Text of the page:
Coupling his knowledge of microbiology and applied genetics, Dr Longkumer achieved outstanding results. He recalled how “Dr Rajesh was impressed by the quality of the mushroom spawns and advised setting up a spawn production lab to help farmers grow mushrooms all through the year. Mushroom farming is a profitable venture with low investment and early returns.”

In Nagaland, Dr Longkumer is something of a hero. His startup Konger Agritech has spent the years since its inception training over 500 farmers in Nagaland in shiitake and oyster mushroom cultivation and generated “approximately 20,00,000 Shiitake dowel spawns and 25,000 kg of Oyster mushroom spawns”.

Why shiitake mushrooms?

Prior to 2018, Government-backed laboratories produced the fungi only during the winter months — a reality that Dr Longkumer attempted to change with his startup. He wanted to ensure the perennial availability of these mushrooms and pass on the information on how to cultivate them to farmers in the state.

Lhüvevolü was one of the lucky recipients.

As she recounts, “Dr Longkumer helped me out tirelessly and taught me the ways of cultivating mushrooms. Besides, I also wanted to try growing a mushroom that was in demand, tasted really good, had medicinal benefits, and could be cultivated in our type of environment. So I settled on the idea of shiitake since the production was easier and simpler in comparison to other mushrooms.”

These mushrooms come with a host of benefits. The dark brown fungi thrive on hardwood trees and have terpenoids, sterols and lipids, which are said to have immune-boosting, anti-cancer effects. In their dried form, the fungi have a typical umami flavour that makes them a wonderful addition to dishes.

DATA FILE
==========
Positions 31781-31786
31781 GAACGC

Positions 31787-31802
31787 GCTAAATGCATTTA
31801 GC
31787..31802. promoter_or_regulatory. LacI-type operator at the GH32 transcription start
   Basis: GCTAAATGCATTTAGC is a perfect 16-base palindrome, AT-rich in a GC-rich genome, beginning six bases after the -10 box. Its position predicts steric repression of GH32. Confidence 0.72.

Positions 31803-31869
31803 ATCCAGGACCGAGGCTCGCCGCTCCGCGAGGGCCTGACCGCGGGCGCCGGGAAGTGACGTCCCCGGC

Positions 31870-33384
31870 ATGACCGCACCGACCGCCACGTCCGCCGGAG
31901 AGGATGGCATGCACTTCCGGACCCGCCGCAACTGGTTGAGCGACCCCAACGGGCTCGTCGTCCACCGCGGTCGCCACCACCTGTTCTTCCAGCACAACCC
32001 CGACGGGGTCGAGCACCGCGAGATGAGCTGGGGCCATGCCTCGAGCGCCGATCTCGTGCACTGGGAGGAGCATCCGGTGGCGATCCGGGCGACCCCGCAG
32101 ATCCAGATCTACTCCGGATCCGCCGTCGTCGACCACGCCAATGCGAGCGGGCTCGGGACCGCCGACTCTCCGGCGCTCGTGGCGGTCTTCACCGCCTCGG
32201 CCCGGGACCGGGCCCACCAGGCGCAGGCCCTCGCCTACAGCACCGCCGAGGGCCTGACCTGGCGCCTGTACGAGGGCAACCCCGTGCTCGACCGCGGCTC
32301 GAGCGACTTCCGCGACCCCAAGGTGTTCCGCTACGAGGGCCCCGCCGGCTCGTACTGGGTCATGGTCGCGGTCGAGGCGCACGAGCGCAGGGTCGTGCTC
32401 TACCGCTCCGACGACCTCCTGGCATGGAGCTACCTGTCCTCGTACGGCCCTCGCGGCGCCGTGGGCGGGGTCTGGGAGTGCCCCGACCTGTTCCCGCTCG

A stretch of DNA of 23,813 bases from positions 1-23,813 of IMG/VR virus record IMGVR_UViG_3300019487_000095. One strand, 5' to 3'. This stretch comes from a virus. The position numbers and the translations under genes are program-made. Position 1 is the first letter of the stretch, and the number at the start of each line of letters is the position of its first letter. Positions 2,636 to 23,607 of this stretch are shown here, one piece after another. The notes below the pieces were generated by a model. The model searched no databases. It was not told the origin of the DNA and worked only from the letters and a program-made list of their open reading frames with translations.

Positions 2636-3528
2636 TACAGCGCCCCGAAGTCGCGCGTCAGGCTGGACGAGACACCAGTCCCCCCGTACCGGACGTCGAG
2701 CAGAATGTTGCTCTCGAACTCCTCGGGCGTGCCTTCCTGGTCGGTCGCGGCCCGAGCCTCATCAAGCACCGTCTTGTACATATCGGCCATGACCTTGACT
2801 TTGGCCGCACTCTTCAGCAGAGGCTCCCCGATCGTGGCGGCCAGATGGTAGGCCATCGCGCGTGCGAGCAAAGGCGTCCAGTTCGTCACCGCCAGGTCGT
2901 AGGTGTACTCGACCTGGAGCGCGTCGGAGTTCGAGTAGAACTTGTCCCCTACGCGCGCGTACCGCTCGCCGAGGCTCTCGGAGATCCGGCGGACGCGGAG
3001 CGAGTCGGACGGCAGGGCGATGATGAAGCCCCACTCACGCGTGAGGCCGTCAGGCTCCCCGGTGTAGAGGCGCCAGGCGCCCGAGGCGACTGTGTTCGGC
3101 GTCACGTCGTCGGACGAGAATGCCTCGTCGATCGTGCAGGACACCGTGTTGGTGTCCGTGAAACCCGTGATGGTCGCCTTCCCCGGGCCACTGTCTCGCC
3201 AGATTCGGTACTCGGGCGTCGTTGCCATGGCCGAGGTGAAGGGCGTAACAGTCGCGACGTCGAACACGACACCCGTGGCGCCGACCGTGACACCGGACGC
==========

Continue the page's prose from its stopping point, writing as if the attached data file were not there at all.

Lhüvevolü A Rhakho from Nagaland's Phek district has been cultivating shiitake mushrooms since 2019 and selling them through her brand Native Organics
Lhüvevolü has been cultivating shiitake mushrooms since 2019 and selling them through her brand Native Organics, Picture source: Lhüvevolü

But the real reason why the shiitake revolution took off in Nagaland faster than anyone had anticipated was that the taste of the mushrooms cultivated here was better than those cultivated elsewhere.

Though traditionally grown on sawdust logs in other parts of the world, in Nagaland, the methods are slightly different. Here, oak logs are deployed which result in mushrooms having a better taste and higher medicinal value, informs Lhüvevolü. 

When she started her journey cultivating these mushrooms near her home after her interaction with Dr Longkumer, she says she never anticipated the trajectory of events that would follow.

“It started as a side hobby, but I gradually began seeing the potential behind the cultivation. Seeing people’s interest in the product allowed me to expand the hobby to an entrepreneurial capacity,” she says.